O’Brother, Where Art Thou?


Two news bulletins I saw recently perplexed me, because they seemed to indicate two very opposite things.

An anti-terrorism court will formally indict Malik Mumtaz Qadri – the self-confessed killer of late Punjab Governor Salmaan Taseer – on February 1 after Kohsar police submitted their investigation report to the court…The court expressed surprise over the absence of any prosecution lawyer and directed the investigators to ensure the presence of a prosecution lawyer on the next hearing.

Pakistan People’s Party-backed candidate, Abdul Latif Afridi, was elected the Pakistan Bar Council vice chairman on Monday.

The victory of Mr Afridi is no small feat, not least because the opposing Hamid Khan Group used all the (not so scarce) resources at their disposal. But even while lawyers have thrown weight behind a PP’s favoured candidate, which shows that there are many progressive lawyers who don’t necessarily agree with Qadri loving lawyers. No lawyer yet has shown any backbone to take on the Taseer case.

Is it possible that Lawyers who were so fearless in front of the might of a dictator have been terrorised by supporters of Mr. Qadri? Does beard out terrorise Khaki?  (If so, may be we should have hire eight lac bearded men with strong suicidal tendencies to protect our borders, instead of a highly cost-inefficient Army)

While I don”t want to believe that progressive lawyers have become timid, but what else can be reason for such a reaction? Yes the government assigns prosecution of case, but in case no Government lawyer is willing to take a case, or, more commonly, if the Government feels that someone else would do a better job. An independent lawyer with good standing can be asked to take over. In this case, a willing lawyer can raise his or her hand and say they would be willing to lead prosecution, if given the chance. Thus far we haven’t had that either!

On principle, there can’t be any simpler case. An unstable maniac has gunned down a Governor of the largest province based on heresy, acting, in his mind, as a vigilante. He confesses to it and many witness saw him do it. Though broadly this incident raises many issues about the society, the role of media and our understanding of religion as well as legal procedure. The legal case is specifically about making sure this maniac remains in jail, because he is a danger to others. Its also necessary to ensure that an example should be made, so as to act as a deterrent towards potential future events. Though personally I don’t believe in punishment being an effective part of rehabilitation of criminals. It can and does act as a deterrent for many other people, who aren’t criminals yet but do have similar tendencies.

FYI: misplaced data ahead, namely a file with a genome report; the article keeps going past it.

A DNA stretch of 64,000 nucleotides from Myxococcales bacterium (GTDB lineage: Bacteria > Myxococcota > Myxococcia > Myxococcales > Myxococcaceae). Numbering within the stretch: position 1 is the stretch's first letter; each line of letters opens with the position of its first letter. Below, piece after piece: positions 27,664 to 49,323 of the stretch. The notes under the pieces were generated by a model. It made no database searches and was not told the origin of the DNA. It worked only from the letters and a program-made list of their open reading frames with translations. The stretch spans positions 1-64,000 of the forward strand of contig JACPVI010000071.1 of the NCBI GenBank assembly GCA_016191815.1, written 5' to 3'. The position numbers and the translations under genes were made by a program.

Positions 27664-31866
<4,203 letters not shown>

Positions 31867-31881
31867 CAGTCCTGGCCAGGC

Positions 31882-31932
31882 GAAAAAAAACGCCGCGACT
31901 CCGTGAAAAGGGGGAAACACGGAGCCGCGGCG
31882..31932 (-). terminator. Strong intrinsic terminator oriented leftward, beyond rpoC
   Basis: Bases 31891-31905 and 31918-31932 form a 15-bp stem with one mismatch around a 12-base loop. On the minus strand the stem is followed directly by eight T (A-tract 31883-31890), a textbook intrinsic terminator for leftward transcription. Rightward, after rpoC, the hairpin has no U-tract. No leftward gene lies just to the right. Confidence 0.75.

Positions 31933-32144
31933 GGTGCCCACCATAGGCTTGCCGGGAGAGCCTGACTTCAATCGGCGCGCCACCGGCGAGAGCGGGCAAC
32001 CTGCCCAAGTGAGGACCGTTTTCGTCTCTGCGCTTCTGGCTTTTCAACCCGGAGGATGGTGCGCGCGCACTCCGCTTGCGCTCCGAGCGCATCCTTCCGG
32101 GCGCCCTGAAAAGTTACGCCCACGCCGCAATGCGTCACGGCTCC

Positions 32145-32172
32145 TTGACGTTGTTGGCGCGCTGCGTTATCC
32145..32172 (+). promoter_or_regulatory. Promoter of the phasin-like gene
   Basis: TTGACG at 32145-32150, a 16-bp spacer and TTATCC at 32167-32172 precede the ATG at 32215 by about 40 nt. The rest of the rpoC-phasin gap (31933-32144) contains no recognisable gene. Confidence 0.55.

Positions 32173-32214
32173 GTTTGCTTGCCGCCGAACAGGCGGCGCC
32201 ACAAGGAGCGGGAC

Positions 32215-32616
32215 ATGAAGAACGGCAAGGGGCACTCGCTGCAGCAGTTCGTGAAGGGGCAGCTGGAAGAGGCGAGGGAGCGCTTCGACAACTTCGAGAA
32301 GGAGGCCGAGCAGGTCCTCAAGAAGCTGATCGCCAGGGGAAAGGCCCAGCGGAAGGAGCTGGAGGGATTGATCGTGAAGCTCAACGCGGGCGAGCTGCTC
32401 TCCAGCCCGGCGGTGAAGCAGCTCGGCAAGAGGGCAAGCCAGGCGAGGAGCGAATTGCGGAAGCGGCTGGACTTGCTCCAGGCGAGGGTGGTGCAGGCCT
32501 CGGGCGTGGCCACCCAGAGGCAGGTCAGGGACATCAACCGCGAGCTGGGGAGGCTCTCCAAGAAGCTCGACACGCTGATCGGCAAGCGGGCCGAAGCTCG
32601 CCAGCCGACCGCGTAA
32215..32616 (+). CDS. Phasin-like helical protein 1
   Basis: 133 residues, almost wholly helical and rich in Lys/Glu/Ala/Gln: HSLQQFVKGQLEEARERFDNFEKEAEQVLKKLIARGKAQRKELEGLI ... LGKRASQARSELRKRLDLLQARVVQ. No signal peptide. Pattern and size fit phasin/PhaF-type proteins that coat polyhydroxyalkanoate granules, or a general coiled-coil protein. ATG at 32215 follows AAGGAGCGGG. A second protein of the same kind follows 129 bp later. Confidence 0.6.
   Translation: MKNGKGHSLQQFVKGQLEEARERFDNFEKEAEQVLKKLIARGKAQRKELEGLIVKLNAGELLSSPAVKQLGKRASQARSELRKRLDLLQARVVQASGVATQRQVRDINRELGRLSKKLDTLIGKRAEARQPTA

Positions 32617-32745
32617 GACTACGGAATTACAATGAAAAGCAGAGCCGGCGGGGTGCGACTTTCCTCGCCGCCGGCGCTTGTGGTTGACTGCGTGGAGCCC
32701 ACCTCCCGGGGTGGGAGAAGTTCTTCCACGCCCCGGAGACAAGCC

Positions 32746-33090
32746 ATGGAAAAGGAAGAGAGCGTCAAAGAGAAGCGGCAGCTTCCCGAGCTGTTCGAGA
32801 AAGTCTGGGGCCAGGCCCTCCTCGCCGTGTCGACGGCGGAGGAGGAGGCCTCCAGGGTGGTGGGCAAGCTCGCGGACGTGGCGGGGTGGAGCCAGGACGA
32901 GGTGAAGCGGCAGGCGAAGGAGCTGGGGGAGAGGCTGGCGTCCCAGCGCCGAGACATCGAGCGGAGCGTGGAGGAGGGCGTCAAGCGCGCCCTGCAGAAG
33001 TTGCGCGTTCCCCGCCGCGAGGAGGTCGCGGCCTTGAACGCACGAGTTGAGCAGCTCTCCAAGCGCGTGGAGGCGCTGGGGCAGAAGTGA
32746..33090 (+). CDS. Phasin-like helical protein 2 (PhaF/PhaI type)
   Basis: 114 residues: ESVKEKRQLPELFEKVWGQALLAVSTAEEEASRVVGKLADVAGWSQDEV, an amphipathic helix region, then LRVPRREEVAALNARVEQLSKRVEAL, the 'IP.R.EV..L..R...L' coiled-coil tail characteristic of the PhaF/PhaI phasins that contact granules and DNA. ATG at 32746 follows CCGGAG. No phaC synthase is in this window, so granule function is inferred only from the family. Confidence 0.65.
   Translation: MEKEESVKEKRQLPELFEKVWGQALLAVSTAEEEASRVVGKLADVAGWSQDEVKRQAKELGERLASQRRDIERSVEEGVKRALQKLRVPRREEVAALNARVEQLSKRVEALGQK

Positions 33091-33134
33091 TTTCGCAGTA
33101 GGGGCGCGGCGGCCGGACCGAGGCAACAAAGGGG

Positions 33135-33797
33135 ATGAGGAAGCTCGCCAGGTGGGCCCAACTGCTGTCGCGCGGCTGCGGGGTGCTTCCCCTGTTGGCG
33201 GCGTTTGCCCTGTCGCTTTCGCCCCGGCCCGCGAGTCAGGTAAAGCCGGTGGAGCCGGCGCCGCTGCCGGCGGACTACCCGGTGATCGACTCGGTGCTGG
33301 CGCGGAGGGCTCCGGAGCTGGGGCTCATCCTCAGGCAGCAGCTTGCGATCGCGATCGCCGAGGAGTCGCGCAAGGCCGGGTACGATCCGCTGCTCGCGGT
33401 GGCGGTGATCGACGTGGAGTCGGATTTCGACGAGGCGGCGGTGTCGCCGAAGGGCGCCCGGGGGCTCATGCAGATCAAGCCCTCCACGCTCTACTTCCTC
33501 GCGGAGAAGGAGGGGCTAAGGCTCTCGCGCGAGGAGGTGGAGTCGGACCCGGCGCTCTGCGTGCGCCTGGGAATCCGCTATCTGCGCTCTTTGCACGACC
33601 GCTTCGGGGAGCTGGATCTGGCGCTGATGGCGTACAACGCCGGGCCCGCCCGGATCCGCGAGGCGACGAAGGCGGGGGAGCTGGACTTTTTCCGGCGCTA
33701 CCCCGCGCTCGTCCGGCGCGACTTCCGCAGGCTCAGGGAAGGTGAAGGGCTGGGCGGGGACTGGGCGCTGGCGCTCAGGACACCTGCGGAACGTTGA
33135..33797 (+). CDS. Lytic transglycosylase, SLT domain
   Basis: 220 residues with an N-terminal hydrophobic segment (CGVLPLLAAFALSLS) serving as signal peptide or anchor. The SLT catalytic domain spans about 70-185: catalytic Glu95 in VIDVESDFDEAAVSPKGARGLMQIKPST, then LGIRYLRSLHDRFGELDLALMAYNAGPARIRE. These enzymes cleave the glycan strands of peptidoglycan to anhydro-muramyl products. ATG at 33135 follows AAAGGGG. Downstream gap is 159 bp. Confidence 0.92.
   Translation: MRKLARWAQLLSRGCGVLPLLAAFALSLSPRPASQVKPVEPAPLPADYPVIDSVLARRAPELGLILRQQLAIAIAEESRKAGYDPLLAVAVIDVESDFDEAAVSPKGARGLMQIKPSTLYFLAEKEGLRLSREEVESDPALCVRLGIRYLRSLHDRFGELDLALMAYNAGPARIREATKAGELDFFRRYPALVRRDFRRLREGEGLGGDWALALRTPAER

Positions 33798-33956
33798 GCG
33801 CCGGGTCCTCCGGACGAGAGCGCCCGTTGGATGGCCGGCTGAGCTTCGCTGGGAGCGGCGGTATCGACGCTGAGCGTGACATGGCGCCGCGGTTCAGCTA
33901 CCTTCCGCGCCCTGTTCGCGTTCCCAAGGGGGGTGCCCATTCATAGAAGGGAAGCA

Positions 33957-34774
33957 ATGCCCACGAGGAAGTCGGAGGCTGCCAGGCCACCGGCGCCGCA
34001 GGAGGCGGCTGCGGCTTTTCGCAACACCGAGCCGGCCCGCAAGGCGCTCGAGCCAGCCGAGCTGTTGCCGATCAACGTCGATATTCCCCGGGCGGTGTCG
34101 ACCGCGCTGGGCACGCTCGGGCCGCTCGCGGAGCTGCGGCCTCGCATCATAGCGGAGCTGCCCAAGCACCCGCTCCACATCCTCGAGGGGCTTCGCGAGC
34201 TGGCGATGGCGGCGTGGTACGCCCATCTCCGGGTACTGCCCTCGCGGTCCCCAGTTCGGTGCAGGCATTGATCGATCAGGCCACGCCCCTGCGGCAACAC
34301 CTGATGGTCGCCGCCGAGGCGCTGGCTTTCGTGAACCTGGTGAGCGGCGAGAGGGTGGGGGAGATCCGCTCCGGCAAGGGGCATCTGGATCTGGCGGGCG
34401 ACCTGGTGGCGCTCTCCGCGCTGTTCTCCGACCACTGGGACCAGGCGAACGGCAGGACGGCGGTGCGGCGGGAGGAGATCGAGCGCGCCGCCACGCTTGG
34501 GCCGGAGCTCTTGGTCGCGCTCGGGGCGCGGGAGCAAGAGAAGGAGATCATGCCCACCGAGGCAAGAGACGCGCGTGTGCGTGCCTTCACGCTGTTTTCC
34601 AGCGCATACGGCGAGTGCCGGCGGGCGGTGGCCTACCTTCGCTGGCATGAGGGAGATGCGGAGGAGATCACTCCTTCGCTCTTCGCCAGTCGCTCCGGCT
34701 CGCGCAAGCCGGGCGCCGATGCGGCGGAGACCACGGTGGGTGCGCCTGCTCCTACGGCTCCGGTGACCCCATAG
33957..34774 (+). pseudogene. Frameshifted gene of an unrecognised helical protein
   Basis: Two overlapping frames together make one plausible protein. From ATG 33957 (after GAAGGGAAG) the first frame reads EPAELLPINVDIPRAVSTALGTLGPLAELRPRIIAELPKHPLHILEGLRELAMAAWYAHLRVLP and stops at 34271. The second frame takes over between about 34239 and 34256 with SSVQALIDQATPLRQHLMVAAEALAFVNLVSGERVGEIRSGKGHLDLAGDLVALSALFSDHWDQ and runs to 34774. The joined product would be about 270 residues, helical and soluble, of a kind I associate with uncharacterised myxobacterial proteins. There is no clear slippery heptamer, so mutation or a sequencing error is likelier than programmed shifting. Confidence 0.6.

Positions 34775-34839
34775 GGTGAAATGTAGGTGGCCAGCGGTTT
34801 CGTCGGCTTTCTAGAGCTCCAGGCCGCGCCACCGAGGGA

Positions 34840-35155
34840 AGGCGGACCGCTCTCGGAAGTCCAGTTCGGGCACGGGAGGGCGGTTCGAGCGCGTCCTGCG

2 responses to “O’Brother, Where Art Thou?”

  1. Latif Lala is a veteran nationalist,and progressive political activist, and was on the front in Lawyers Movement and broken his leg while protesting on Kachehri Road Peshawar along with other lawyers.
    Unfortunately his victory was not cheered by the civil society wallas the way the have celebrated Asma.
    Just because he is not from them and has a strong political background and is from K Pakhtunkhwa not from Lahore,
    Pindi or Islamabad or any other city.

  2. no prosecution lawyer?

    Qadri to be indicted on Feb 1

    RAWALPINDI: An anti-terrorism court will formally indict Malik Mumtaz Qadri – the self-confessed killer of late Punjab Governor Salmaan Taseer – on February 1 after Kohsar police submitted their investigation report to the court. ATC-II Special Judge Raja Ikhlaq Ahmed, hearing the case in Adiala Jail, distributed the copies of the police report to the Elite Force constable and his lawyers and said on the next date of hearing, the accused would formally be indicted. The court expressed surprise over the absence of any prosecution lawyer and directed the investigators to ensure the presence of a prosecution lawyer on the next hearing. The case was transferred from ATC-I to the court-II. The trial of the accused will be held in the jail owing to security reasons. In its investigation report, police had mainly relied on the confessional statement of Qadri, who had admitted to killing Taseer on January 4 after he was instigated by speeches of two prayer leaders in his locality of Muslim Town on December 31. He said he was angry over the remarks of the late governor about the country’s blasphemy law. The authorities have cited about 40 prosecution witnesses in the investigation report, as a majority of the witnesses that are included are the security guards of Taseer, officers of the Islamabad police and the doctors who carried out the postmortem of the late governor. khalid bin majeed

    daily times